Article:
nLab strict preorder



A strict preorder or strict quasiorder on a set SS is a (binary) relation <\lt on SS that is both irreflexive and transitive. That is:

  • xxx \nless x always;
  • If x<y<zx \lt y \lt z, then x<zx \lt z.

A strictly preordered set, or strict proset, is a set equipped with a strict preorder.



Strict preorders orders are asymmetric.


Transitivity of <\lt says that for all xSx \in S and ySy \in S, x<yx \lt y and y<xy \lt x implies x<xx \lt x. However, irreflexivity says that for all xx, xxx \leq x is always false. This implies that for all xx and yy, x<yx \lt y and y<xy \lt x is always false, which is precisely the condition of asymmetry.

As a result, sometimes the term strict partial order is used for strict preorders, since they are always asymmetric. However, the term “strict partial order” is also used for other order relations.

In constructive mathematics

Unlike with other notions of order, a set equipped with a strict preorder cannot be constructively understood as a kind of enriched category (at least, not as far as I know …). Using excluded middle, however, a strict preorder is the same as a partial order; interpret xyx \leq y literally to mean that x<yx \lt y or x=yx = y, while x<yx \lt y conversely means that xyx \leq y but xyx \ne y.

Instead, the relation <\lt should be defined as an irreflexive comparison when generalising mathematics to other categories and to constructive mathematics.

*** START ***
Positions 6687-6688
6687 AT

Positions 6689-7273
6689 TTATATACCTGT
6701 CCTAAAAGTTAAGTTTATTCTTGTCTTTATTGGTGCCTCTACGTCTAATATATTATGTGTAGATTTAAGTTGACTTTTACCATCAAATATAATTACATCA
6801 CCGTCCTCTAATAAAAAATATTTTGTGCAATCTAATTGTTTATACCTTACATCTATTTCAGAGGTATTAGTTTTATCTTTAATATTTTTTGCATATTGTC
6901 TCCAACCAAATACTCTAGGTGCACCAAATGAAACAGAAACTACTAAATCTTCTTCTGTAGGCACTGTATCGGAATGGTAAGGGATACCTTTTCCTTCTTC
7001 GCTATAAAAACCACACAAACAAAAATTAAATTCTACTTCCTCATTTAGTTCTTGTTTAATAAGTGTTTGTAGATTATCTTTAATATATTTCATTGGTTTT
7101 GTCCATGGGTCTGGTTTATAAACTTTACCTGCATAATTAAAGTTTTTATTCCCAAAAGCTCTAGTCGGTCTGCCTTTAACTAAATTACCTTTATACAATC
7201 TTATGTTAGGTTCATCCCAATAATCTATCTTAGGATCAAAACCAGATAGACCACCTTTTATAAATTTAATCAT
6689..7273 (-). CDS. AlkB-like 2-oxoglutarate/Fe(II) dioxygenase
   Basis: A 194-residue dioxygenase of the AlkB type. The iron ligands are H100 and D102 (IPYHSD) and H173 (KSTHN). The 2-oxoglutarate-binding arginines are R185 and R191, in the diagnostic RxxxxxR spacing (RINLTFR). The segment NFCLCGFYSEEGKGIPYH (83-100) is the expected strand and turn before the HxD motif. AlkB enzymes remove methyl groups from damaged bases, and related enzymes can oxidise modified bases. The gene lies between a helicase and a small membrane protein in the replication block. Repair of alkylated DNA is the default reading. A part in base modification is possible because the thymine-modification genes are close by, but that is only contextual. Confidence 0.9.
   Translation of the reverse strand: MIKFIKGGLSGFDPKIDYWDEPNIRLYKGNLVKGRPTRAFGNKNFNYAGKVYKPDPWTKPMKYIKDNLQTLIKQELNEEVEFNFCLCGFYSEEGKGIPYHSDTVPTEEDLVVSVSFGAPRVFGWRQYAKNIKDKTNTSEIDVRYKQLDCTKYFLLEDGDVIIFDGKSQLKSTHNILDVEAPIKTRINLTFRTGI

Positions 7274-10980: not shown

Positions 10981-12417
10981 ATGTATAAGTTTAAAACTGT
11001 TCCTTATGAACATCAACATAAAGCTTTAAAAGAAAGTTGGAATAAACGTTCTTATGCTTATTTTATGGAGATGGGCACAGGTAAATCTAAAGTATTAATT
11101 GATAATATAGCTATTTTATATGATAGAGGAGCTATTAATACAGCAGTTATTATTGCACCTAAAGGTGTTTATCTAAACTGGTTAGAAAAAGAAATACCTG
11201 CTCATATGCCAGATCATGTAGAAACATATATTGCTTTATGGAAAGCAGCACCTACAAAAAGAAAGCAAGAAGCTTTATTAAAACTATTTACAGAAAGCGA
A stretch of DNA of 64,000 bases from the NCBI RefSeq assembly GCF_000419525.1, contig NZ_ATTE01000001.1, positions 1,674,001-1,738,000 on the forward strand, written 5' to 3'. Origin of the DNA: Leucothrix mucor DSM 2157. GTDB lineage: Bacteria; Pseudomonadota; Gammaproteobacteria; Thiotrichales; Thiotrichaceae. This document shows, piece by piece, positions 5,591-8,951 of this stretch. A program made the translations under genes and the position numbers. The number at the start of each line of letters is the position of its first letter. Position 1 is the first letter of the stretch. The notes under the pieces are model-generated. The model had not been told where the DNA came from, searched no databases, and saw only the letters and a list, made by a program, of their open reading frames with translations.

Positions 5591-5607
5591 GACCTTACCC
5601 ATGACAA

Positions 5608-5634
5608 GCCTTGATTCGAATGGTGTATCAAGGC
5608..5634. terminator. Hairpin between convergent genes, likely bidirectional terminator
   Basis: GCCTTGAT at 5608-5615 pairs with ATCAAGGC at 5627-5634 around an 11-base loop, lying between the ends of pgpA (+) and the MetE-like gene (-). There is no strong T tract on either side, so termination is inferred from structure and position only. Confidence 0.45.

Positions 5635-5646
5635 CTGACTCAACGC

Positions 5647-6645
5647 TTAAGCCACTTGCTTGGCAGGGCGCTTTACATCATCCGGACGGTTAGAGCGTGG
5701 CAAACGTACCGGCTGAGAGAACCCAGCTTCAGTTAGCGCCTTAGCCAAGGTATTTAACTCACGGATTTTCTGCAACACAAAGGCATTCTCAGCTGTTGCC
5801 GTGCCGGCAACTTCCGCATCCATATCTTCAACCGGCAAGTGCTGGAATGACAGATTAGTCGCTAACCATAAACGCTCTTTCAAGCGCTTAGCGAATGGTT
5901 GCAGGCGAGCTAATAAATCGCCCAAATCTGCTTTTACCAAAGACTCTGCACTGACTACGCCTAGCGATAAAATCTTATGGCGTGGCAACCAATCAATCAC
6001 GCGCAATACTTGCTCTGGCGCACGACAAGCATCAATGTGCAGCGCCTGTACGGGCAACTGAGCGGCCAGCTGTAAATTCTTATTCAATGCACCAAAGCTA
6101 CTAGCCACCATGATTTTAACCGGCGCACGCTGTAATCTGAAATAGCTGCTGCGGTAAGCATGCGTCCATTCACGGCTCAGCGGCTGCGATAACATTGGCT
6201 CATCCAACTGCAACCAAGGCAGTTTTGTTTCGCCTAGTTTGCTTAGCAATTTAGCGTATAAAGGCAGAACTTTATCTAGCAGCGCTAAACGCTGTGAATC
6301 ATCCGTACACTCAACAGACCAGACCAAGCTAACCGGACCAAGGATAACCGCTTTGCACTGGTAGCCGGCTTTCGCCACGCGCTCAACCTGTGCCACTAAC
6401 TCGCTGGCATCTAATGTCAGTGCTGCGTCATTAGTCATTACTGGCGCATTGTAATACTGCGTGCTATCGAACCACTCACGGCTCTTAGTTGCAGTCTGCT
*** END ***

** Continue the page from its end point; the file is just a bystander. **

If a strict preorder satisfies comparison (if x<zx \lt z, then x<yx \lt y or y<zy \lt z), then it is a strict weak order, and additionally, if it is a connected relation, it is a strict total order.

There are also certainly examples of strictly preordered sets that are also partially ordered, where <\lt and \leq (while related and so denoted with similar symbols) don't correspond as above. For example, if AA is any inhabited set and BB is any linearly ordered set, then the function set B AB^A is partially ordered with fgf \leq g meaning that f(x)g(x)f(x) \leq g(x) always and strictly preordered with f<gf \lt g meaning that f(x)<g(x)f(x) \lt g(x) always. Except in degenerate cases, it's quite possible to have fgf \ne g, fgf \nless g, and fgf \leq g simultaneously.


Last revised on December 26, 2023 at 05:10:11. See the history of this page for a list of all contributions to it.